Friday, March 16, 2012

F is for Fylgja

So apparently my last week's post pissed off an arrogant eclectic or two who took offence to the suggestion that everything in the world is not theirs to steal. Who'd've thought. So this week could have been F for Fluffy, but that's a bit too much holding-forth for a fortnight, I think, so instead we will talk about Fylgjur. This is a subject on which I am not terribly well-versed; it's one of those vague sort of Heathen spiritual concepts, and so I'll be learning a bit more about them myself as I exhaust my current knowledge and dig up more information.

A fylgja (plural fylgjur) is something in between an animal totem and a guardian spirit. It's one of those Norse concepts that, to be honest, we're not sure about. We can't go back and ask about all the ins and outs so we make do as best we can with the sources we have, and some of the info we have is a bit contradictory. Suffice it to say that a fylgja is one of those spirit concepts akin to the Dísir and hamingja (or familial luck).

They are, essentially, a spirit and an element of the self, most often in the form of an animal. You might see it when asleep; seeing it when awake, as seeing your doppelgänger, is an omen of your possible impending death. Animals can apparently run in the family, and tend towards important animals in Germanic cultures such as wolves and bears. (As an aside, this is one of my theories as to the prevalence of wolves as "spirit animals".) In some ways they are similar to the animal companions in that book Northern Lights, as they accompany one (though one cannot see them). 

There are those who have linked "fylgjur" with the term "fetch", which is sort of popular in Trad Craft circles. In Irish folklore, a fetch is usually a human figure, more of a doppelgänger than an animal spirit. Then there's the whole concept of Familiars, which I may or may not end up talking about next week in detail. Familiars, or Familiar spirits, are... well, familiar spirits. That is to say, spirits with whom one is friendly and with whom one works witchcraft. A spirit guide, if you will. They're not your pet. More on this next week - I have a book from which I will provide citations! (Exciting, eh?)

The word "fylgja" means "follower" or "someone that accompanies" and is something like a semi-independent thing; a part of oneself and animal expression of one's nature, as well as an entity in its own right - this is where parallels with Northern Lights become apparent (although admittedly, I haven't read them, so wouldn't know for sure). It can also appear as a person of the opposite sex - but is this a fylgja or one of the Dísir, or what? Lines become blurred. We're talking such a span of time and location here, after all, that different perspectives aren't surprising - but when it comes to determining what was believed, and what these things actually are, things get very tricky. Particularly with the modern tendency to categorise things and draw lines of definition. (I am very guilty of this myself - I like words to mean something and I get uncomfortable when a proper distinct definition refuses to materialise.)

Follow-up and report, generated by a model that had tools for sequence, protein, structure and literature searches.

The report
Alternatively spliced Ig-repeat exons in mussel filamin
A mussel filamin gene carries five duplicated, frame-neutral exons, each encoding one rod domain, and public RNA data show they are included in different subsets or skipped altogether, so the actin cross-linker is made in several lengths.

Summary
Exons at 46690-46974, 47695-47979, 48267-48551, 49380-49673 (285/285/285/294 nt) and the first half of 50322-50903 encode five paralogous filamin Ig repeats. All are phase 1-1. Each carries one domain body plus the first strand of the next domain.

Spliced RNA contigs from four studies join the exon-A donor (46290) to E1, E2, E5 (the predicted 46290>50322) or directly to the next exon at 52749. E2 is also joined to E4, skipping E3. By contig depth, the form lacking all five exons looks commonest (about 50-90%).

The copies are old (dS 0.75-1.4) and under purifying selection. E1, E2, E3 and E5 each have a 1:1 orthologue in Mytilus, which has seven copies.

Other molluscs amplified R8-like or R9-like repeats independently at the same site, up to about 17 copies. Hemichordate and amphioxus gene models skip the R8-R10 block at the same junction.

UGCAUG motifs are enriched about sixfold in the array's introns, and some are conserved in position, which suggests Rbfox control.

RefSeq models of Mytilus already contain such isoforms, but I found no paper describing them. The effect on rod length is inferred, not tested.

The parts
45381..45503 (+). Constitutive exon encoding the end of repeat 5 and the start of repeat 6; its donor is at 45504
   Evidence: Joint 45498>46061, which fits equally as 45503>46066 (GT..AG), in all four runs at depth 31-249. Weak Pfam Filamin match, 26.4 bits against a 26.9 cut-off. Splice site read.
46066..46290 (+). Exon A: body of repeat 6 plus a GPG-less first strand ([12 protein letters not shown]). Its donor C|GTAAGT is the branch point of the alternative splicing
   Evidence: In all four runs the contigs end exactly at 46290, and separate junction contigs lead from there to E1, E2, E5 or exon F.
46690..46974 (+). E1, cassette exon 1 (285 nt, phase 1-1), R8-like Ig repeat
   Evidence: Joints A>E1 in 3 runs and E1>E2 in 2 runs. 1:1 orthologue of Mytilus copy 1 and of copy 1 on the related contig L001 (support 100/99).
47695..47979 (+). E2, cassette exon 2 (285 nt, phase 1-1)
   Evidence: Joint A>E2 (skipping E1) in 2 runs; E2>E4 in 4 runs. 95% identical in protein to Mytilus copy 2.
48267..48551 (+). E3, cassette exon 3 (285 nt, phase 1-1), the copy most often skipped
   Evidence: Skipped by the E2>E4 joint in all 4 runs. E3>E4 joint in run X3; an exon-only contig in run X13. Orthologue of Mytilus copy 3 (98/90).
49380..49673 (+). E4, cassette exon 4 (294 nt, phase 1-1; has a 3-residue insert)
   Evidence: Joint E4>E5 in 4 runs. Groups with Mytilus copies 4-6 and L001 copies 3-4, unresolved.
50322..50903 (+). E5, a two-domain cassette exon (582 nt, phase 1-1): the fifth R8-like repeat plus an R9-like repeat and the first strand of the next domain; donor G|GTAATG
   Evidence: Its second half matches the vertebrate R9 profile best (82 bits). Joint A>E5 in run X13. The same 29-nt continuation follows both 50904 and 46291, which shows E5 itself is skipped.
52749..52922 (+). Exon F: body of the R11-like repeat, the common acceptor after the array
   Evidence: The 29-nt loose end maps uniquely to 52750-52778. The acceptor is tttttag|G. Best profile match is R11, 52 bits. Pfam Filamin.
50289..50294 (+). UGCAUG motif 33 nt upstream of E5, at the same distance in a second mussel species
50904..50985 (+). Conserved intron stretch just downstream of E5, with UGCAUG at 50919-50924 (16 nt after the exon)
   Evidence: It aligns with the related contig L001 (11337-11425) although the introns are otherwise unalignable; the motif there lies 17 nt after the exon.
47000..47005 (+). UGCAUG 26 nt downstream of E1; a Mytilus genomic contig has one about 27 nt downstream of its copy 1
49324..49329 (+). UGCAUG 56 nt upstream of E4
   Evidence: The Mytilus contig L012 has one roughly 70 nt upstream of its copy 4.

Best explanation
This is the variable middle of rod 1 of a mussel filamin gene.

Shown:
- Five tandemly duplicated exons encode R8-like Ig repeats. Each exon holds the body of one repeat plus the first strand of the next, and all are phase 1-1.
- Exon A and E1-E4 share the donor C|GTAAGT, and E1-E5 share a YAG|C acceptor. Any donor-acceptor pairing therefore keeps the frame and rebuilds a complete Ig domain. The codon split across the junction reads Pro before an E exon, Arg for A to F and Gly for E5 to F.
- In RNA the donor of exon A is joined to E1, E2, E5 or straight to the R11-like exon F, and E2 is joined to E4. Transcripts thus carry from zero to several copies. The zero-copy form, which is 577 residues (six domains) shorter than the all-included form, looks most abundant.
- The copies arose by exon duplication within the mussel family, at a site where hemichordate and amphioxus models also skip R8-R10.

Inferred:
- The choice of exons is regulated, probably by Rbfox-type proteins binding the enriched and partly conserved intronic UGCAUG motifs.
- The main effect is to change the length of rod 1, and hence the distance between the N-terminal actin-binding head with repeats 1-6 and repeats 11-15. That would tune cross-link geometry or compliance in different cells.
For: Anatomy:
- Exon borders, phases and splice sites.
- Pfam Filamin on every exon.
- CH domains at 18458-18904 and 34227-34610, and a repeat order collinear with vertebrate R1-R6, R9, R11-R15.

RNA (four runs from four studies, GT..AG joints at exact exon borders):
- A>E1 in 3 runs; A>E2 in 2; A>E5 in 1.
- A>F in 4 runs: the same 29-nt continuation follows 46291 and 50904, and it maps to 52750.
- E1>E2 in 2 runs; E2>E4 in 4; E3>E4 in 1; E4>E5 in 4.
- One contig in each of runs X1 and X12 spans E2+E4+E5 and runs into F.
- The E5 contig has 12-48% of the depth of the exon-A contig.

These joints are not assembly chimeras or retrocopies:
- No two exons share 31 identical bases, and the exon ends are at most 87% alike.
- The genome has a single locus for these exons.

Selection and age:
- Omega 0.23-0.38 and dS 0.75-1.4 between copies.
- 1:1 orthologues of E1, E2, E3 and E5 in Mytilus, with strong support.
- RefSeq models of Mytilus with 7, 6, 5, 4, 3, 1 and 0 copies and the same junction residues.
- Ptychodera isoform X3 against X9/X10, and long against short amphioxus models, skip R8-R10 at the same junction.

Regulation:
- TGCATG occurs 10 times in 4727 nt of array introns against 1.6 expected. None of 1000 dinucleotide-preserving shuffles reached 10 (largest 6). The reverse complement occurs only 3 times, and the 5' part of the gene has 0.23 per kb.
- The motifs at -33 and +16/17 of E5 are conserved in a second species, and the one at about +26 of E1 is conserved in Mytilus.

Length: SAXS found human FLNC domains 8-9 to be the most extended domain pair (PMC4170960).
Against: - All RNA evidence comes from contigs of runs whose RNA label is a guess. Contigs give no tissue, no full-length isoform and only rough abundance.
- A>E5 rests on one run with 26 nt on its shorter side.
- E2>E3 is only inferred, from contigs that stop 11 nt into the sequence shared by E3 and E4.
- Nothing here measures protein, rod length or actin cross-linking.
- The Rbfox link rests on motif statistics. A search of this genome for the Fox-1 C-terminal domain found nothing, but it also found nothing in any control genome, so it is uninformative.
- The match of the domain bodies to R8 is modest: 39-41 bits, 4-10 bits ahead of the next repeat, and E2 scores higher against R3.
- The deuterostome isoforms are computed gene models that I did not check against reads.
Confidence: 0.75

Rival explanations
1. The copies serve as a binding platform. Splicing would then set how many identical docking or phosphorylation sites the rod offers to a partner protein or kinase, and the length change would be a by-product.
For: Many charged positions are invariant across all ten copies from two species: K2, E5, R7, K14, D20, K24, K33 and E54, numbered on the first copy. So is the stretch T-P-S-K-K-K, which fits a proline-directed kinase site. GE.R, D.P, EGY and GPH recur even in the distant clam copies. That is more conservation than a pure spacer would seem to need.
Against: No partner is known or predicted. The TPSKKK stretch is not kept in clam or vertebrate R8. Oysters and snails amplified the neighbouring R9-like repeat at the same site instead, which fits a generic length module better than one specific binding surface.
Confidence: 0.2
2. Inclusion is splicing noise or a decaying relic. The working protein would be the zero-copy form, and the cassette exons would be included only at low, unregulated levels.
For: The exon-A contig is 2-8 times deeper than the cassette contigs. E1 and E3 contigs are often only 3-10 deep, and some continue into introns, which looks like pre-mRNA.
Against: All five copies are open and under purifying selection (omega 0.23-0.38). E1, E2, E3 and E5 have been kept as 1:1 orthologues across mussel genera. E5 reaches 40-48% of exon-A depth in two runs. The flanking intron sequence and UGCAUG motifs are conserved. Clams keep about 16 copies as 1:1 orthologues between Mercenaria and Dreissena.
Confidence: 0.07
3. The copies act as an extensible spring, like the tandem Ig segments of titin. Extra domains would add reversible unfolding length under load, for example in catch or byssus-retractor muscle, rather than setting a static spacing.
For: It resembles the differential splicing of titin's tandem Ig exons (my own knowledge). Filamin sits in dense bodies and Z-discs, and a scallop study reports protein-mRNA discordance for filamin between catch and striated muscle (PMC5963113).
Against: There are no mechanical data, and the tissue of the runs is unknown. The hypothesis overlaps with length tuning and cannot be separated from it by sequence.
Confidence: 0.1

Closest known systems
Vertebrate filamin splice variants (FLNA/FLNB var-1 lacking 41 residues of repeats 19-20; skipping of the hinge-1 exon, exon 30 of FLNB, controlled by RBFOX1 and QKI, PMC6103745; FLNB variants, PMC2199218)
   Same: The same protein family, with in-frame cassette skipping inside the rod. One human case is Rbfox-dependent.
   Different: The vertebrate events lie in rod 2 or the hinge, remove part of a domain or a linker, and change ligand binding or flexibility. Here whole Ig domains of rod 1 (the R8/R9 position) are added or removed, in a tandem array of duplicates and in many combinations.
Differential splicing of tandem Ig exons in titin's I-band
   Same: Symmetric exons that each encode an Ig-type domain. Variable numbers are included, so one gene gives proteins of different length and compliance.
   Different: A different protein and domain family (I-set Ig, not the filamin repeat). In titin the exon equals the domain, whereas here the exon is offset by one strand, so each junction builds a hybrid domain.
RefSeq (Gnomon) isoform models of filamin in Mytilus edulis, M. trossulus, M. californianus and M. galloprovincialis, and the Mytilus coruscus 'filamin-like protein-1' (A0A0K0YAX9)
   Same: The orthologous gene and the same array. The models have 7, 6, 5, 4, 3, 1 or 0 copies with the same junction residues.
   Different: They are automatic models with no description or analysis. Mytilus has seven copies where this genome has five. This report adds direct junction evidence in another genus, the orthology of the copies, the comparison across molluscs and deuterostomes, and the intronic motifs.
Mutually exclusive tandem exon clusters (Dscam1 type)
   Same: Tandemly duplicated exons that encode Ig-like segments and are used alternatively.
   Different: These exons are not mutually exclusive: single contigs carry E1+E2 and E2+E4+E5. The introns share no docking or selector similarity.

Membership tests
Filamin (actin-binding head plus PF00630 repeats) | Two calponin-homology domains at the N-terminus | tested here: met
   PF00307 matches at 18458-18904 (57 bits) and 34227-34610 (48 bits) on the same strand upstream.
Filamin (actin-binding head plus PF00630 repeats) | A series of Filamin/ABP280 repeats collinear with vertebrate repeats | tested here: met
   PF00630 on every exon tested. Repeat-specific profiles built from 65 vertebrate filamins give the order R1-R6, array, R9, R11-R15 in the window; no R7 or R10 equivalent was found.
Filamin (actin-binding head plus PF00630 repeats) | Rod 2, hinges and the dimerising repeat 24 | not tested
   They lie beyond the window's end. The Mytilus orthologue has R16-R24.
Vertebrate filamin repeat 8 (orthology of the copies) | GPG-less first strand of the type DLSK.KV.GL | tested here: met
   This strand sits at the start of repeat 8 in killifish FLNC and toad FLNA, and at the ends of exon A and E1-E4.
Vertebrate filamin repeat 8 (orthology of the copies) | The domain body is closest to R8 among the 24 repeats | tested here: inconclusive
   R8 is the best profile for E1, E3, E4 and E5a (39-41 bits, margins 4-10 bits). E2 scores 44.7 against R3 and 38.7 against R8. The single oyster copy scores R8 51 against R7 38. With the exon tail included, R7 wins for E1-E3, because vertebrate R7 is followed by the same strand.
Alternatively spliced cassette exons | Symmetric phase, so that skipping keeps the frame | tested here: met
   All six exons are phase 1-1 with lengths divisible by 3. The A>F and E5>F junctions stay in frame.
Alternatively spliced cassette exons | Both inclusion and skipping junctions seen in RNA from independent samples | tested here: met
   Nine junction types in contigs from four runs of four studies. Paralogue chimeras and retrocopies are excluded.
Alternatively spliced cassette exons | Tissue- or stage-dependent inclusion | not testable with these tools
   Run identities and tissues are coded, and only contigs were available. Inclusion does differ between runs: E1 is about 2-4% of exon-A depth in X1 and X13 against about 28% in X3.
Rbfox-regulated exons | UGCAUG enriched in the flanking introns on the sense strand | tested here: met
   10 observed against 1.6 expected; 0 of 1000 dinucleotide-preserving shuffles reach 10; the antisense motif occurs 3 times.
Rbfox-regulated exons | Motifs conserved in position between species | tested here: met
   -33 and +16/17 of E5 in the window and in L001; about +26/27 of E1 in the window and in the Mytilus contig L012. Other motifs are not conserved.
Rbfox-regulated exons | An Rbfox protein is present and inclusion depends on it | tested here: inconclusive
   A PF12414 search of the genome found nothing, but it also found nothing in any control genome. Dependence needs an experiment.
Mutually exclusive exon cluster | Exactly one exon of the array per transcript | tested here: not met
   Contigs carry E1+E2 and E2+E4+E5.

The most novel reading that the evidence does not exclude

Fylgjur might be the distributors of hamingja, and maybe you could send them out to gather information for you. Perhaps they might tell you things in dreams, or give you warnings. Sometimes you are that animal in a dream and you Go Forth to do things. These things all get confused because sometimes the word just means a spirit ally, and sometimes it's the semi-independent animal manifestation of oneself.

I confess that this is one of those things I have trouble with, partly because the definition isn't as solid and defined as I would like. I do believe in familiar spirits, and animal guides. I'm bang alongside the concept of a family or tribe's animal totem. I'm not sure about the fylgjur, though. They are reportedly attached to you, in the sense that they follow you around, but you can't see them. You might see someone else's, but not your own - bad omen, like I said. How can one tell, then, what shape they are, unless one sees them in a dream? Does one make contact with something that is in some ways a part of oneself? Now, I have met some guides of mine - are any of these my fylgja? They can't all be. How would one tell which one it is? As a fylgja can sometimes mean a spirit of the opposite sex to oneself, does this mean that any female animal guides I have would thus be ruled out, or does that only count if it's in the guise of a human?

More questions than answers. It does make life difficult if one wished to work with one's fylgja when things are so unspecific. I think generally, it was simply something that hovered around and watched out for you, and isn't something one need think of unless one happens to see it. This is a little upsetting, as I like to work with spirits and if something is hovering around watching out for me, I'd like to thank it for its troubles.